I had a chance to see the new release Intensify from Macphun live in New York recently. I must say that the application does exactly what it promises to help you discover the beauty in the details.
The app is designed as a way to quickly improve tone, color and contrast. There are two versions of the application (available only for Mac users). I am reviewing the standard edition from the Mac App store.
- Intensify Available only in the Mac App store for $29.99. It runs as a standalone app. This is an introductory price and it will switch to $39.99 in the future.
- Intensify Pro Available only from the company website for $59.99. The pro edition offers some extra features like the ability to use it as a Photoshop, Lightroom, and Aperture plug-in. Many of the controls also offer detailed refinement features for Sharpness, Structure, and Vignettes. Important for those who need to print, you can also see Histograms to check for tonal range clipping and pixel saturation.
What It Can Open
The application works best with 16-bit images. In fact its raw decoder is quite good.
- RAW images 8-bit, 16-bit (Including .NEF for Nikon and .CRW2 for Canon)
- TIFF 8-bit, 16-bit
- RGB 8- and 16-bit
- PSD (Intensify Pro)
What it Does
The application is very easy to use and to get results. It’s all about adding detail to images with precise control over contrast, structure, detail and sharpening. What I like is that you can apply different values across different tonal ranges and even use masking within the application to brush in effects or layers to stack effects.
The application is very good at getting results. With almost 70 easy presets (sorted into logical categories) you can quickly explore what each can do. You can also create your own presets and share with others to expand your collection.
I find the Compare view quite useful to see where my image started and where it currently stands. The application is very good at avoiding image artifacts (particularly if you give it a raw image).
I use presets to get a starting point, then click the Adjust button next to each name to see the settings used in the Adjust tab. Now you can take total control over the development of the image.
There are some really good controls here. I love how much detail the application can pull out of single images. This is a truly impressive application that rewards the user with great results with minimal effort. The application is also quite snappy and showing changes as you adjust sliders.
- Structure. Emphasize details (especially fine details). This works best in smooth areas or low contrast areas. The adjustment can be selectively applied to highlights, midtones and shadows to create more natural result.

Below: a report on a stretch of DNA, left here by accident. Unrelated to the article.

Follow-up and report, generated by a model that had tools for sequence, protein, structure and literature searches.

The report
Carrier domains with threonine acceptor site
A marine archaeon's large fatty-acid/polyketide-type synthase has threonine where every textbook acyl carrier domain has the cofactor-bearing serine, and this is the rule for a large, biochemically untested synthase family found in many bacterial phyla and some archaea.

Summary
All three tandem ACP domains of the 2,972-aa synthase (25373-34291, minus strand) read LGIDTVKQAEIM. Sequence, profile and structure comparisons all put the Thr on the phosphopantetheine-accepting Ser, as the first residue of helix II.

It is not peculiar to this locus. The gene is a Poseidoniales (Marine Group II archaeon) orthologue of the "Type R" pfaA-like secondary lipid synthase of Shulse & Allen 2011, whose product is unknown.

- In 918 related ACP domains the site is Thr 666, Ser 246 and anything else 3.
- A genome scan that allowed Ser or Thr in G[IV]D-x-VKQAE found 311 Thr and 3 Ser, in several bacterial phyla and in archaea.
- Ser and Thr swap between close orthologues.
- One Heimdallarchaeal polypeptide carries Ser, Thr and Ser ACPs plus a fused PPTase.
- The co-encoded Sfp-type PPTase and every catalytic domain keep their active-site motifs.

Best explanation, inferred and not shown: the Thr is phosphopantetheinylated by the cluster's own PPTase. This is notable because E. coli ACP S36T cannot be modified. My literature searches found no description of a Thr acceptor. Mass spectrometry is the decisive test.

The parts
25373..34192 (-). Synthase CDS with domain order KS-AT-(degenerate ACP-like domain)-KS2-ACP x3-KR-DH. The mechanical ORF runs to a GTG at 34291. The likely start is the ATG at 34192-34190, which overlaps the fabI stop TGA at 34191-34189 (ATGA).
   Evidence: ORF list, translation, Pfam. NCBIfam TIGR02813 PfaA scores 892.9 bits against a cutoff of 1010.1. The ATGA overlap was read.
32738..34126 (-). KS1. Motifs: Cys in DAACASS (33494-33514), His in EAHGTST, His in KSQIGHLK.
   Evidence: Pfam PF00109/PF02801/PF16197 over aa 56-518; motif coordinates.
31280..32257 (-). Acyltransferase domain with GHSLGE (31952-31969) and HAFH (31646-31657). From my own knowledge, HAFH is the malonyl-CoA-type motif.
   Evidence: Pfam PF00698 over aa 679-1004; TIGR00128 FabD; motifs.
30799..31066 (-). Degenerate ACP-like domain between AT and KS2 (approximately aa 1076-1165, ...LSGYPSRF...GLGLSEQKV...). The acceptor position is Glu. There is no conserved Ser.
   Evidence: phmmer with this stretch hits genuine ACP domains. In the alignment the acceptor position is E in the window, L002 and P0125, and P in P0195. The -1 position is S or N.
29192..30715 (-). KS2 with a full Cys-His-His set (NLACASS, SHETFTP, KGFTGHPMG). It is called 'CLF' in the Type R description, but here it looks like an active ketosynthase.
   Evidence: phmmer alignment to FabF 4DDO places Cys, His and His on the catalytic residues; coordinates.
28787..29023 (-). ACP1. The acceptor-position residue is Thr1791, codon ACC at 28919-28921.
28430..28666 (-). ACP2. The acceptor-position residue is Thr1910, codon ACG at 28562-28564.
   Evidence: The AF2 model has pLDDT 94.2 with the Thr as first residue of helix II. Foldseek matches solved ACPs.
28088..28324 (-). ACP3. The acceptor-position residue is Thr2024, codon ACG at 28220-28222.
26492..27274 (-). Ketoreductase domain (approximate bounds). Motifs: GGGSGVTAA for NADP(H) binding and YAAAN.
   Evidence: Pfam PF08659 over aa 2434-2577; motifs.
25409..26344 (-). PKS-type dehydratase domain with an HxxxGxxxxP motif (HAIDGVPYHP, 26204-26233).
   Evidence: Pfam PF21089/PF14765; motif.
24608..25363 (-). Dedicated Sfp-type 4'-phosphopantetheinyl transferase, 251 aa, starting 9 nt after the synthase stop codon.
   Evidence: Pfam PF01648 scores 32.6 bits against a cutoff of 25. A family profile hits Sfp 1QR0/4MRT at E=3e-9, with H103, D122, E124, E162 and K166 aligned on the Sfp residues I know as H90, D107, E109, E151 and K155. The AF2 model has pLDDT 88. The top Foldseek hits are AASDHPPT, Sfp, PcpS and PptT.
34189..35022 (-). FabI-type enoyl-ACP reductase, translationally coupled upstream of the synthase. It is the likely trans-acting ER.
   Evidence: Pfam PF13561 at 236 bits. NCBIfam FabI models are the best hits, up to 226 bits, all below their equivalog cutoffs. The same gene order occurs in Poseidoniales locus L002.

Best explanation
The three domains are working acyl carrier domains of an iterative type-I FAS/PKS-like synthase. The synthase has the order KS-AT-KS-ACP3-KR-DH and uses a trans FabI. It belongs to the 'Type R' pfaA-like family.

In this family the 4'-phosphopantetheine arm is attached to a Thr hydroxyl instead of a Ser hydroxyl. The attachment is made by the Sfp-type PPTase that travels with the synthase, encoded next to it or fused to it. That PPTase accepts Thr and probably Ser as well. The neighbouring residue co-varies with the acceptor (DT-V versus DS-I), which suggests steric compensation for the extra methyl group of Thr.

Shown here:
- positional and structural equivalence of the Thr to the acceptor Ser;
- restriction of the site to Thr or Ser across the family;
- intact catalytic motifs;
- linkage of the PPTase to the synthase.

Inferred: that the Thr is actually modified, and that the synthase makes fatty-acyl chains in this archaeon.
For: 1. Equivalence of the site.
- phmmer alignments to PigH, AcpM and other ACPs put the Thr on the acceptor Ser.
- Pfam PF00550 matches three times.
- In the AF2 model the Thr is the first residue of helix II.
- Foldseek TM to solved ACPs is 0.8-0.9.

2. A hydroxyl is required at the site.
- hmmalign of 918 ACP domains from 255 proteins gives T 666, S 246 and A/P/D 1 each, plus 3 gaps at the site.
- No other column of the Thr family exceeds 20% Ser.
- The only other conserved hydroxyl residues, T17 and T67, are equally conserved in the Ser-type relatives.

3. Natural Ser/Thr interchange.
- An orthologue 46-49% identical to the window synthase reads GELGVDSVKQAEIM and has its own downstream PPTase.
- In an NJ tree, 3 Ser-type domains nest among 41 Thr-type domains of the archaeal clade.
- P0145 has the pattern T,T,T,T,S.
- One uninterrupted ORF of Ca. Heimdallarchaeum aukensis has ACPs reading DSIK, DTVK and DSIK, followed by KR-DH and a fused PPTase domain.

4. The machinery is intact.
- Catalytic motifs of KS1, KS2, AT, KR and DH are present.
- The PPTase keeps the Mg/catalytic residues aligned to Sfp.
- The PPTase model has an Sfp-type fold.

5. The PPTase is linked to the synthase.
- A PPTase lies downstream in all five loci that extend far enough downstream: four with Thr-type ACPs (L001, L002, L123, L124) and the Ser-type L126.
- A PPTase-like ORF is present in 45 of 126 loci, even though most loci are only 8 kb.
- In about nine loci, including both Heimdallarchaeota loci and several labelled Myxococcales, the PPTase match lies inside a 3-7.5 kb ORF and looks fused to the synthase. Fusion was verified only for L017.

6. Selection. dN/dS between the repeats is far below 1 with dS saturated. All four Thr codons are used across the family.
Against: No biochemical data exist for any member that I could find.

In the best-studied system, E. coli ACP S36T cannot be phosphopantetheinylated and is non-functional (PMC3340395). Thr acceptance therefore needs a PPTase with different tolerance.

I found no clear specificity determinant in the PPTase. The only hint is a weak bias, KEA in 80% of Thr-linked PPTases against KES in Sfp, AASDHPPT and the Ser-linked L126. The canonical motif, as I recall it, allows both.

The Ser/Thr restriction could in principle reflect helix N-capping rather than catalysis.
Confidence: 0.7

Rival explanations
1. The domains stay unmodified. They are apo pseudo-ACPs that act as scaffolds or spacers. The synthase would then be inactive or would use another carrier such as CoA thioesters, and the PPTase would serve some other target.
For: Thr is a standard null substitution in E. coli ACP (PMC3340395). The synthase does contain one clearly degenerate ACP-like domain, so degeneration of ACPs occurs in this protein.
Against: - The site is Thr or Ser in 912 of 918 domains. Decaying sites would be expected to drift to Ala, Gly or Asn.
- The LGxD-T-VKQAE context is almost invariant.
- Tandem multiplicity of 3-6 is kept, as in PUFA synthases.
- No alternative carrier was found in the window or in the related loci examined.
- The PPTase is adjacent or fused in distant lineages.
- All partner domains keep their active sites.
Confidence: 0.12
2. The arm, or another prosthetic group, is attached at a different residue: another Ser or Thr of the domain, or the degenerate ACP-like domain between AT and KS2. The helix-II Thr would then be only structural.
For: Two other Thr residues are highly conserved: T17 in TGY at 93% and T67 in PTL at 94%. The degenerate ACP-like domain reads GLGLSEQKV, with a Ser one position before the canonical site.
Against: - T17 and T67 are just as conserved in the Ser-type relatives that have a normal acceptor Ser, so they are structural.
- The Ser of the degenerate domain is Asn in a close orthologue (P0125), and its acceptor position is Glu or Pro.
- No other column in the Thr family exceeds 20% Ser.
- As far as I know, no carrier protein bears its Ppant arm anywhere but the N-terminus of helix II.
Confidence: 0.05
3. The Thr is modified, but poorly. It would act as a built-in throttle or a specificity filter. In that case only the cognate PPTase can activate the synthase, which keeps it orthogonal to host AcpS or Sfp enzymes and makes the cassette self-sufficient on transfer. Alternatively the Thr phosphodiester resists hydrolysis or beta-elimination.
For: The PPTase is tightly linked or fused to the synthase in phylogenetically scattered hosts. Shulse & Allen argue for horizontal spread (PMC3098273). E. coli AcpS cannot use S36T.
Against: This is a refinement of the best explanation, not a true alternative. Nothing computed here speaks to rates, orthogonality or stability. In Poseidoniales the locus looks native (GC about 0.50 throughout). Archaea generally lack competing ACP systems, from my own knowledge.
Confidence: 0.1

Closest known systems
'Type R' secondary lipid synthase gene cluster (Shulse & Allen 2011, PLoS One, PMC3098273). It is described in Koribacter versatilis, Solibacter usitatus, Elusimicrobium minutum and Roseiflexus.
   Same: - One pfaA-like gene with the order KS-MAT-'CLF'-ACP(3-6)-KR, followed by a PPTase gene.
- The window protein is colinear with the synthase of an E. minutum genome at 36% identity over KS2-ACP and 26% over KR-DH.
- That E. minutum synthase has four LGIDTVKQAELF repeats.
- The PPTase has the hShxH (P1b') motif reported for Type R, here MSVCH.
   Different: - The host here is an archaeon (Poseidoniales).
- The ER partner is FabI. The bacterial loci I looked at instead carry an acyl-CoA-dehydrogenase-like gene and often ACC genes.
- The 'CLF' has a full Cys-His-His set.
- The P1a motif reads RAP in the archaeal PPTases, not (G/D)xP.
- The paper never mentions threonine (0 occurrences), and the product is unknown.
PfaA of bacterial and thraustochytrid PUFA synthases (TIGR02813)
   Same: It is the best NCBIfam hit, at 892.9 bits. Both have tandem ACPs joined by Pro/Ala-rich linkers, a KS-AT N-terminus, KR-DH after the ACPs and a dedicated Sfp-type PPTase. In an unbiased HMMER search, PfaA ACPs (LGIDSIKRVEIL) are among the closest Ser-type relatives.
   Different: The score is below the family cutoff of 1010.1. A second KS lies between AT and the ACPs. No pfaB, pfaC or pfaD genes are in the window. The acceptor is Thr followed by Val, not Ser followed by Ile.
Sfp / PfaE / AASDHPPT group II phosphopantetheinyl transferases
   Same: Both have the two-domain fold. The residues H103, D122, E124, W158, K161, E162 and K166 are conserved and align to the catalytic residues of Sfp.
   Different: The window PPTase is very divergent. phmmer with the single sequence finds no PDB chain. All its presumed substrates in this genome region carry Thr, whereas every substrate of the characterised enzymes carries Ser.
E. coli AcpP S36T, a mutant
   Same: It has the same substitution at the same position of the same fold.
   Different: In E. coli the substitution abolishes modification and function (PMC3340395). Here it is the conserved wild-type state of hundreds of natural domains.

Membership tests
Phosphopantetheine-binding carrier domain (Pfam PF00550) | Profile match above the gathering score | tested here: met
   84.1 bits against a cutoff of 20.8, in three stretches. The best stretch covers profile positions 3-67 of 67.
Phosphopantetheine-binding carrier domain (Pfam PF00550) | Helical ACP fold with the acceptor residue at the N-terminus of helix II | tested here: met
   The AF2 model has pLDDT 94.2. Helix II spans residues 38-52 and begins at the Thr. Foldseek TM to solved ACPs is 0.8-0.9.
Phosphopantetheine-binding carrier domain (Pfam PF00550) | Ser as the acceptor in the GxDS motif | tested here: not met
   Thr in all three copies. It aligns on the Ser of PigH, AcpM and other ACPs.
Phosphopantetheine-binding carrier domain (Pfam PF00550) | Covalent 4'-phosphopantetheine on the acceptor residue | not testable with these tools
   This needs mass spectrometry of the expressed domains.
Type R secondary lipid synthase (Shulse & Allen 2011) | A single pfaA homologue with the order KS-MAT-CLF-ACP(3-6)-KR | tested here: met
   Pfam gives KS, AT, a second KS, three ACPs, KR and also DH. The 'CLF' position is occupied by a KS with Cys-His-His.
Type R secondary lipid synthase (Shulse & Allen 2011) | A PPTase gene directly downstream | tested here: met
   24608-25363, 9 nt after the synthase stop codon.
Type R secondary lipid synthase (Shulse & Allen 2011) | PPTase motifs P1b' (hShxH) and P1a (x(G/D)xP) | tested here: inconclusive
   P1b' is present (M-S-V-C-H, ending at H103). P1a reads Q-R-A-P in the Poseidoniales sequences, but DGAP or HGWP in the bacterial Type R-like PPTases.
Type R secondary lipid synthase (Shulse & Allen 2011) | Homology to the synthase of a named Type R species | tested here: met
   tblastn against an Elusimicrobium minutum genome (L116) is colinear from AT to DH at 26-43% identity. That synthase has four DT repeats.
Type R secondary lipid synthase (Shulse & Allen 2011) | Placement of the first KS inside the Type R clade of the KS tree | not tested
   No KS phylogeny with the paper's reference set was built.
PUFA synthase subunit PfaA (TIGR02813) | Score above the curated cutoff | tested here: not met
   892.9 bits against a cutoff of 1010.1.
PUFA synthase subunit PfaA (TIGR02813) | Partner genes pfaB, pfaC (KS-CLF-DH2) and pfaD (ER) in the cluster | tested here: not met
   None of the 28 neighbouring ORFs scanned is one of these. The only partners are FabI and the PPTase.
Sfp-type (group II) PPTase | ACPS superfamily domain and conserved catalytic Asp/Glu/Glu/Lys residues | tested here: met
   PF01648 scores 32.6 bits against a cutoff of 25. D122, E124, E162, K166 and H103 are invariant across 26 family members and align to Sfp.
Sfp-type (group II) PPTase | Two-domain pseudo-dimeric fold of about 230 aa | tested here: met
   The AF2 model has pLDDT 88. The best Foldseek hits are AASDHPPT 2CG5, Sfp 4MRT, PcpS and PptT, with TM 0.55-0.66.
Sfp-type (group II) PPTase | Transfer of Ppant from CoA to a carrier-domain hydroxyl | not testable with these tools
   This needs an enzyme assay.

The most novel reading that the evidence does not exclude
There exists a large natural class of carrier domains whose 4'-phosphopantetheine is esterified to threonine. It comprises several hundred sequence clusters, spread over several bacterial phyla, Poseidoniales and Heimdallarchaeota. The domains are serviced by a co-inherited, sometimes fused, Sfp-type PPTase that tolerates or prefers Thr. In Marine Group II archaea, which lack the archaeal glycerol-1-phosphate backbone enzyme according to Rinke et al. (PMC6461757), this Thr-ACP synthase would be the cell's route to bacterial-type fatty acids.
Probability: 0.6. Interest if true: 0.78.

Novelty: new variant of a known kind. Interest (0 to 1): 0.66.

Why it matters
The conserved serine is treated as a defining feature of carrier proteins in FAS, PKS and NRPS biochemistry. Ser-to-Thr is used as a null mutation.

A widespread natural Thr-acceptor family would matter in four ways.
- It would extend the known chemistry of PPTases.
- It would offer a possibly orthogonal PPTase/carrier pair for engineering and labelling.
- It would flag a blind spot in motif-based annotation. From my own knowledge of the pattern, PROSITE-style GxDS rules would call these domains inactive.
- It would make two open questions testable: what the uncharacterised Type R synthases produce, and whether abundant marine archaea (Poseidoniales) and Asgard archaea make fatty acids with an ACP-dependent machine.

- Details. Bring out hidden details (especially in clouds) without adding artifacts or noise. Details can be controlled separately for the Shadows and Highlights the image. Precisely adjust highlights, midtones and shadows and refine using the Offset controls to redefine which area is affected.
- Micro Sharpness. Can add details to the image without noise or artifacts.
Things to Note
Just a few things to point out.
- There is no visible upgrade path. So make sure you choose between the Mac App store version and the Pro version. Macphun says owners of the standard version can contact the company through their website to crossgrade to the pro version.
- It’s a Mac only product (but that’s the case with everything from a company called Macphun).
- The Help menu doesn’t work (but there are some tutorials on the company’s website). You can also visit this link http://help.macphun.com/intensify.
- Mac OS 10.7 and above
- Intel Core 2 Duo, Core i3, Core i5, Core i7, or Xeon processor
- 4GB RAM and more
- Plug-in for Adobe Photoshop CS5, CS6 or CC; Adobe Photoshop Lightroom 4, 5 or later; Apple Aperture 3.2 or later, Photoshop Elements 10 -12 (App Store version is not supported due to Apple Sandboxing)
Rich has published over 100 courses on Lynda.com. Rich has authored several books including From Still to Motion, Understanding Photoshop, Professional Web Video, and Creating DSLR Video.
Latest posts by Rich Harrington (see all)
- Working with Single Raw Files in Aurora HDR 2018 (part 2) - March 20, 2018
- Working with Brackets in Aurora HDR 2018 (part 1) - March 16, 2018
- How to Key Greenscreen Video in Adobe Premiere Pro - March 7, 2018